Even as Vice President of this country for many years, his family has always lived a modest middle class life. Public service for the Vice President has not been about fame and fortune, but rather on building character – and not as a self-absorbed and self-serving business, but a vocation of giving back to country and people. He has always put national interests over private gains.
The Vice President and all of his supporters are the first to admit that given the enormous challenges that the leadership of the country inherited, it would be shortsighted to say that for the last 10 years, all policy outcomes have been rosy. But it would equally be naïve to say also that the administration has been a total failure.

Whether it is sheer naïveté or malice that drives Mrs. Frantz or that she is a surrogate for a possible political opponent, her criticisms of the Vice President are clearly engendered by a keen lack of understanding of what it takes to administer a failed and collapsed state. The acute nature of the challenges that the Johnson-Sirleaf and Boakai administration inherited increases the risks for not achieving all of its milestones. The culture of corruption is admittedly being one of its Achilles Heels – weaknesses in spite of its overall strength, given the entrenched nature of this political ill.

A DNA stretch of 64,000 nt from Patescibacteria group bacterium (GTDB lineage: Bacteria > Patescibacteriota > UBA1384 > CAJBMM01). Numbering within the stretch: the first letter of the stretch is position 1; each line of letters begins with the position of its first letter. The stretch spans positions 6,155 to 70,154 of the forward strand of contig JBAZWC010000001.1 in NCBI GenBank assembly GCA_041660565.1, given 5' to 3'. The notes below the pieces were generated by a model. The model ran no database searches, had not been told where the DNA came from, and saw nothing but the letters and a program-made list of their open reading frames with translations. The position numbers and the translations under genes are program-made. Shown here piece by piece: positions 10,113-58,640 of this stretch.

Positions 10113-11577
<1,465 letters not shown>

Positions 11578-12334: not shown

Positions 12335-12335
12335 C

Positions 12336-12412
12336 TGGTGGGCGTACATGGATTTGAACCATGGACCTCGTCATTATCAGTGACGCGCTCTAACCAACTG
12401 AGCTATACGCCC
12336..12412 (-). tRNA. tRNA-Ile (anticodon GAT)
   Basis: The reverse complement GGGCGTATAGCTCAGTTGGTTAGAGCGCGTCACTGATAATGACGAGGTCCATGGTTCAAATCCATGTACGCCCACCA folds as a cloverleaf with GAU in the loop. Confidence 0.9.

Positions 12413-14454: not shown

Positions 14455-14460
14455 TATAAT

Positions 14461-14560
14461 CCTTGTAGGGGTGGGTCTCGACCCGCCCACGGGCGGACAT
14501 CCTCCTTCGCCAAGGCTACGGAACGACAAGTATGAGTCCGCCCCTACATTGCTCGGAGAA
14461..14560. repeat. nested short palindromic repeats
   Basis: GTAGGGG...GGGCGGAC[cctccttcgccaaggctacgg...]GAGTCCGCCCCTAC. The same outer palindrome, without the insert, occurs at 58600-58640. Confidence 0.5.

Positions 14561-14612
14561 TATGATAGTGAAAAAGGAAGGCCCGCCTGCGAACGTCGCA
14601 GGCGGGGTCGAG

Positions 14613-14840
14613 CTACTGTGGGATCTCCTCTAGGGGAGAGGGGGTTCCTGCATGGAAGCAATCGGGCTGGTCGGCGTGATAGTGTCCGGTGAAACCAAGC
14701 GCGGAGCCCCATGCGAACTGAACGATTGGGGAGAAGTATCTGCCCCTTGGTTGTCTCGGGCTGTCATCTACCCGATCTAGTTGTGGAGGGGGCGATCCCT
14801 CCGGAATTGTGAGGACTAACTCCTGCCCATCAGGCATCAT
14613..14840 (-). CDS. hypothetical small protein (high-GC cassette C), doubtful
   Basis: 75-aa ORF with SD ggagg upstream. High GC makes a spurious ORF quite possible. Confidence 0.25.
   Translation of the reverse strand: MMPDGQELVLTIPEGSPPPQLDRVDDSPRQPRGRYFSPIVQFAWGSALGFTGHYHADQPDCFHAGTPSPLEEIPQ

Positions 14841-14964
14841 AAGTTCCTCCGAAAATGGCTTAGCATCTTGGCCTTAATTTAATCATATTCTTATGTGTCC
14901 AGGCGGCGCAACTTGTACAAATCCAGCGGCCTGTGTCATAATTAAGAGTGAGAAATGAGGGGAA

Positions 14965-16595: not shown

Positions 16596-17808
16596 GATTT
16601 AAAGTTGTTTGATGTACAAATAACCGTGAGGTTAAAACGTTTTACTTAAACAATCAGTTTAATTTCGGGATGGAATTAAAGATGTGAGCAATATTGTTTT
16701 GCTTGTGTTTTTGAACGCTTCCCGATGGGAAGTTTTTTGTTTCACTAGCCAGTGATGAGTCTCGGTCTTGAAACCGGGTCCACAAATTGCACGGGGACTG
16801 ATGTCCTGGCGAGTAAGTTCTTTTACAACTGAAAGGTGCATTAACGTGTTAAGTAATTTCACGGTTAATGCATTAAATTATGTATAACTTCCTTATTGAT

However, for Mrs. Frantz to claim that the administration failed to combat the Ebola Virus Disease epidemic is a pure mockery of the truth. Amongst the three West African states that were affected by the disease, Liberia overcame the epidemic in a shorter time frame than its counterparts, although it faced the largest number of cases and case fatalities. Only spite can lead one to make such a blatantly false assertion. I bet prior to this virus raising its ugly head in Liberia, Mrs. Frantz has never heard of it; neither was there any vaccine to remedy same.  

The notion that the Vice President has not offered competent support to the President can only be assessed by the President. Mrs. Frantz’ obvious bias negates the need to respond to this line of argument. Regarding whether the Vice President will make a good President hinges greatly on his character, education, experience, and principles. These virtues matter most and not Mrs. Frantz’ skewed sentiments or ad hominem attacks.

He is the most experienced person in the race for the presidency. His faith has also played a vital role in his long distinguished life, which has affected his moral standards.